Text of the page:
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Project Ongoing


The “Hypertexture Paintings” are an ongoing series of intensely textured abstractions that utilizes a repeating and meditative approach of overpainting surfaces with tens of thousands of interwoven brushstrokes, applied in superimposed layers to create each final picture. 

This lush series of colorfully saturated paintings began in the mid-1990’s, when Maxwell initially invented the technique and began exhibiting at commercial galleries in St. Louis, Atlanta, and Houston.  As he continued into the 2000’s, his surfaces began to increase in complexity, and in the present the artist has included overpainting a variety of other works, incorporating excess palette paint and refurbishing panels for enhanced sustainability.

Overt in their physicality, these seemingly monochromatic surfaces reveal a wide array of colors and hues in their deeply embedded structures.  Paintings have been titled in some instances according to their most prominent final pigments, as in “Vermillion,” “Lemon,” “Lapis Lazuli,” and others in a play on the romantic and often humorous titles given to color paint samples provided by manufacturers one often finds in hardware stores, such as “Love’s Frost,” “Heron Blue,” etc.

Writing for Art in America, critic Ann Wilson-Lloyd highlighted these “large, impastoed, organic abstract paintings by Maxwell Stevens”[1] and art critic Jeff Daniel described the paintings as “so wonderfully thick that the square piece resembles a futuristic piece of plastic sod.”[2]  Reviewer Brian Smith went further,

An impressive feature is in how their shadows are cast within the rippled surfaces of the paintings themselves, and beyond the perimeter of each picture as it hangs on the wall.  This design element came by way of the artist continually layering his brushstrokes and extending this process along and around each of the pictures’ edges, and in custom designing unique panels which he builds and prepares himself.


In the 1990’s Maxwell was influenced by the tactile minimalist paintings of contemporary masters such as Robert Ryman, the visual repetitions of Agnes Martin[3] and by strategies of neoconceptual artists, especially Sherrie Levine’s “Meltdown” series, in which she distilled representations of iconic modern art works to a severely reductionist color scheme.  Around this time, he was also introduced to Chinese Scholar’s Rocks, many of which he was able to see in person in the exhibition “Spirit Stones of China” at The Art Institute of Chicago in 1999.[4] Their naturally pocketed, contemplative surfaces, formed over long stretches of time, he began emulating through his uniquely painted textures.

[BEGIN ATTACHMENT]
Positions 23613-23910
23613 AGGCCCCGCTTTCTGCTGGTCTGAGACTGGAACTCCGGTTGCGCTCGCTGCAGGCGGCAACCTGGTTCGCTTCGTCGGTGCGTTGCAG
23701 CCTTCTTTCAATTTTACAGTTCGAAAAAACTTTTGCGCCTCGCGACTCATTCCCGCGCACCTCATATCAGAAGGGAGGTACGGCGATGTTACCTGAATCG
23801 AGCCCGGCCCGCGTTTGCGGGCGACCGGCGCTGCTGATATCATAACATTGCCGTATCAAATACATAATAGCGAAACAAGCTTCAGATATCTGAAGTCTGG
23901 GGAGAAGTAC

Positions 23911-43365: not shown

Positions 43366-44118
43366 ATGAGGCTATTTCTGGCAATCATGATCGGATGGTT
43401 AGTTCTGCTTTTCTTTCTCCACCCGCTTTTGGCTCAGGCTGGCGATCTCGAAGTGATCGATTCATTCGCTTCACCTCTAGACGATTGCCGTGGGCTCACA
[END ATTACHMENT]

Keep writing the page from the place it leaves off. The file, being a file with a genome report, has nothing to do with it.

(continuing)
Contrary to these influences, however, is Maxwell’s insistence on the direct experience of vibrant color, variability of handheld brushstroke, surface play, and texture, albeit to an exaggerated degree and without conveying any recognizably associated image.

1. Lloyd, Ann Wilson. “Art under the Arch, Report from Saint Louis.” Art in America, July 2001.


2. Daniel, Jeff. “Artist makes ordinary take on extraordinary look” The Saint Louis Post-Dispatch. Sunday, August 27, 2000. Group Exhibition Review.


3. Smith, Brian. “East and West Inform the Abstractions of Maxwell Stevens.” The Saint Louis Post-Dispatch. Sunday, October 8, 2000. Exhibition Review.


4. “Spirit Stones of China: The Ian and Susan Wilson Collection of Chinese Stones, Paintings, and Related Scholars’ Objects,” organized by The Art Institute of Chicago and presented from May 1 – August 1, 1999.


"HYPERTEXTURE PAINTINGS" is ongoing.  Works are available and can be shipped internationally.  For inquiries please contact NYC Studio Showroom directly at:

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